In addition to harming the wildlife and natural habitat that lakes and streams provide, this also makes the lakes very unappetizing for recreational use. No one wants to take a swim in a green cesspool!
Decrease Freshwater Footprint from Animal Products
Not only are animal products hard on the environment and atmosphere, they also require a large amount of fresh water to produce. Crops that are used for livestock feed generate a large water footprint during growing season. While produce such as vegetables and fruits for human consumption also requires fresh water, the amount of water it takes to raise the crops that sustain livestock is significantly larger.
Let’s take a look at the water footprint of some animal products-
- Beef: 1 pound = 1,847 gallons of water
- Pork: 1 pound = 717 gallons of water
- Chicken: 1 pound = 518 gallons of water
- Butter: 1 pound = 665 gallons of water
- Cheese: 1 pound = 380 gallons of water
- Milk: one 8.5 oz. glass = 31 gallons of water
Now let’s take a look at some plant products-
- Bananas: 1 pound = 95 gallons of water
- Apples: 1 pound =98 gallons of water
- Cucumbers/Pumpkins: 1 pound = 42 gallons of water
- Potatoes: 1 pound = 34 gallons of water
Access to fresh water is a struggle for many developing areas. Fresh water shortages are also becoming a more pressing issue in developed nations. With less than 3% of the Earth’s water available to us as freshwater, we cannot afford to waste so much freshwater on producing meat products that lack nutritional value and waste resources in comparison to their plant-based counterparts.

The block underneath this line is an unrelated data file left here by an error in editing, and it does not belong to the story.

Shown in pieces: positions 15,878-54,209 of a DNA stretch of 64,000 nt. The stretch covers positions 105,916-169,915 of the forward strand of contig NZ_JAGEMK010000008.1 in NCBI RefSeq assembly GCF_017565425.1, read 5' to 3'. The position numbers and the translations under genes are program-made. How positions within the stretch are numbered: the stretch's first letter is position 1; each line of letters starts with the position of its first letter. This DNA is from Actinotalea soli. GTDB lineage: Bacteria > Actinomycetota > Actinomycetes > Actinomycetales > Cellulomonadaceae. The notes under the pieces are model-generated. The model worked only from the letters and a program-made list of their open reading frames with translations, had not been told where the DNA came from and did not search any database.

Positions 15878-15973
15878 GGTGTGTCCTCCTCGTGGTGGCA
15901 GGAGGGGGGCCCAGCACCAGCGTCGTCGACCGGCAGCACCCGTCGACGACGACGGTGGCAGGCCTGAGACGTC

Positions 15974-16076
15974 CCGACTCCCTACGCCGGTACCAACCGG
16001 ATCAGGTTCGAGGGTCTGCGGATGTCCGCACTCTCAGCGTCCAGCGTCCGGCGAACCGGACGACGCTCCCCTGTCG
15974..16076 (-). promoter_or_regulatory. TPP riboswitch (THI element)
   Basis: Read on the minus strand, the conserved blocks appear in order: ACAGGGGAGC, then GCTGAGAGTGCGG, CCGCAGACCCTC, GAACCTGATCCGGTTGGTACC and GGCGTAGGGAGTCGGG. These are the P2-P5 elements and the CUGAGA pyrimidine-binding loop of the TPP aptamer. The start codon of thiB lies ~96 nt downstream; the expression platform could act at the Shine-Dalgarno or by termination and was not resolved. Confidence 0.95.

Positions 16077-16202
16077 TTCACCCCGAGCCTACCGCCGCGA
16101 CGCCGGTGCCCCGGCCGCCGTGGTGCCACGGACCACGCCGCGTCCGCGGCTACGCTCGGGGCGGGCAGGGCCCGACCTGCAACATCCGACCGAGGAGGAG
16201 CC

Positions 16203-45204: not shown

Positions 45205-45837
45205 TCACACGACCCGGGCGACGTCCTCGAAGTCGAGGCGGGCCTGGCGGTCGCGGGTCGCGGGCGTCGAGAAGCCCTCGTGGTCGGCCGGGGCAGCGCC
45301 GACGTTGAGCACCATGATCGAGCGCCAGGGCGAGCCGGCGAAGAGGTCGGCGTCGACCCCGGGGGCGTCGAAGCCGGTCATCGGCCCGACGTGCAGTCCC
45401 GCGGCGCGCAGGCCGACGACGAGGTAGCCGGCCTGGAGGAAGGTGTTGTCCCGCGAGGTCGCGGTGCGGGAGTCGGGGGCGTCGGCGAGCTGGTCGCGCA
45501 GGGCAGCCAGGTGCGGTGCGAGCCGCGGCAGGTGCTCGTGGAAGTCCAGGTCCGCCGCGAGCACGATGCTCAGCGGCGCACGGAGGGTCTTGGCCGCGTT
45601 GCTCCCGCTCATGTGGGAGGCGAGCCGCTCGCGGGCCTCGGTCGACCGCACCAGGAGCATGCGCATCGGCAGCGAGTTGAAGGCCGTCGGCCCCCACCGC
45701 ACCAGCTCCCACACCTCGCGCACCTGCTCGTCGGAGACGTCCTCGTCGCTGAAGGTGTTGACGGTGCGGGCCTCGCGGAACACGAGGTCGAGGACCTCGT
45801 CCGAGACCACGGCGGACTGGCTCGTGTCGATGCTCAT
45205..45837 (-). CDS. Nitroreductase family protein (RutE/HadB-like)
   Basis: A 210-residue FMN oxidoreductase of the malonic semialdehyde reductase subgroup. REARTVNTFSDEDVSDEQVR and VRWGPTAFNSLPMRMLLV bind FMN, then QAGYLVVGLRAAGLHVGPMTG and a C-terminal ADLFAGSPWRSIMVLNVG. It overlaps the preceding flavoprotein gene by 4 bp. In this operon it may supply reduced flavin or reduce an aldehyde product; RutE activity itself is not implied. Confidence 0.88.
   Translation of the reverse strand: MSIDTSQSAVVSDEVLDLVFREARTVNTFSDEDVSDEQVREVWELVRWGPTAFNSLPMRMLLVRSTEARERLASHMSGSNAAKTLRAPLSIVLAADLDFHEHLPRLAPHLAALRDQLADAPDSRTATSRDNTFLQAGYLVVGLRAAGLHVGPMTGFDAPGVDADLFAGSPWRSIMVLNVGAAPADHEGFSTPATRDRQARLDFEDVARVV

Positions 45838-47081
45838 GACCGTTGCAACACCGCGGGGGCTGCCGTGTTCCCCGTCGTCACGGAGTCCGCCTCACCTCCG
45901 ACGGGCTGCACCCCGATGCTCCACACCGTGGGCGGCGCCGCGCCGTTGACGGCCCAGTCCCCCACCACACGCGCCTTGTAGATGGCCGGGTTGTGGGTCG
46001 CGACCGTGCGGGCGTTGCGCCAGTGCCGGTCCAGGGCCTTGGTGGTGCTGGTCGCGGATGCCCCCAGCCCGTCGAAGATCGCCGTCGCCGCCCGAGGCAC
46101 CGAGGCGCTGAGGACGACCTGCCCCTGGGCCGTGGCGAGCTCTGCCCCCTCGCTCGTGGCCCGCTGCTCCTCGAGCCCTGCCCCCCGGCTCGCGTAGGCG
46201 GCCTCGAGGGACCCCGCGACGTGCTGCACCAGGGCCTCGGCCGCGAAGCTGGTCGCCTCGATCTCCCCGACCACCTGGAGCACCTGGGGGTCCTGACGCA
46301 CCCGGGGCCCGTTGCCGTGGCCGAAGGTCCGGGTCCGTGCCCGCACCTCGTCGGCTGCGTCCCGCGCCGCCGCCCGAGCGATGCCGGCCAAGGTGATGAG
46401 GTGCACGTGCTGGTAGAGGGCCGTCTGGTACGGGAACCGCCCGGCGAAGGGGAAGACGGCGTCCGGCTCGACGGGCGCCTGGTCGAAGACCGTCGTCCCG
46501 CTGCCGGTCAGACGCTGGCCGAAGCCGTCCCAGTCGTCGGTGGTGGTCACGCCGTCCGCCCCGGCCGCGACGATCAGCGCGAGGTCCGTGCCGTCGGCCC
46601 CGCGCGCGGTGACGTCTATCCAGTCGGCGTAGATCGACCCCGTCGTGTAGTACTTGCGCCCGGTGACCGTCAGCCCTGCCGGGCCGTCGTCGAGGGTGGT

Beyond the Diet: Investing in Ethical and Sustainable Food Systems
Eating a plant-based diet can significantly lower your environmental footprint. But what about your social footprint? How does one consume ethically? In addition to focusing on plant-based foods, keep in mind the companies that produce the food and what their social impact is.
Support Companies that Empower Communities
It’s all too often that companies find ways to cut costs by exploiting people for cheap labor and mass production in poor conditions. When looking into a company’s supply chain, look for information about who they employ, what the conditions are, and how that business has affected the community. You want to be supporting companies that empower and uplift communities!
What does empowering people and communities through work opportunities look like? Check out this video on one of Kuli Kuli’s moringa suppliers, Pierrette, to find out!
Support Local Markets and Businesses
Local farmer’s markets are a great place to buy produce and other goods! These vendors are local, meaning they aren’t generating a large amount of CO2 emissions to reach the consumer (you!). This is also a great way to support someone in your local community since most vendors at small markets live nearby and grow the produce locally. You can even ask them about their farming methods! This is a great opportunity to learn what elements of sustainability are important to them as a small business owner.
This April, we challenge you to be more conscious of your social and environmental footprint. Try to substitute meat products with plant protein or dairy products with non-dairy alternatives! Making the choice to reduce or abstain from animal products is not only beneficial to your own health but also to the health of our planet.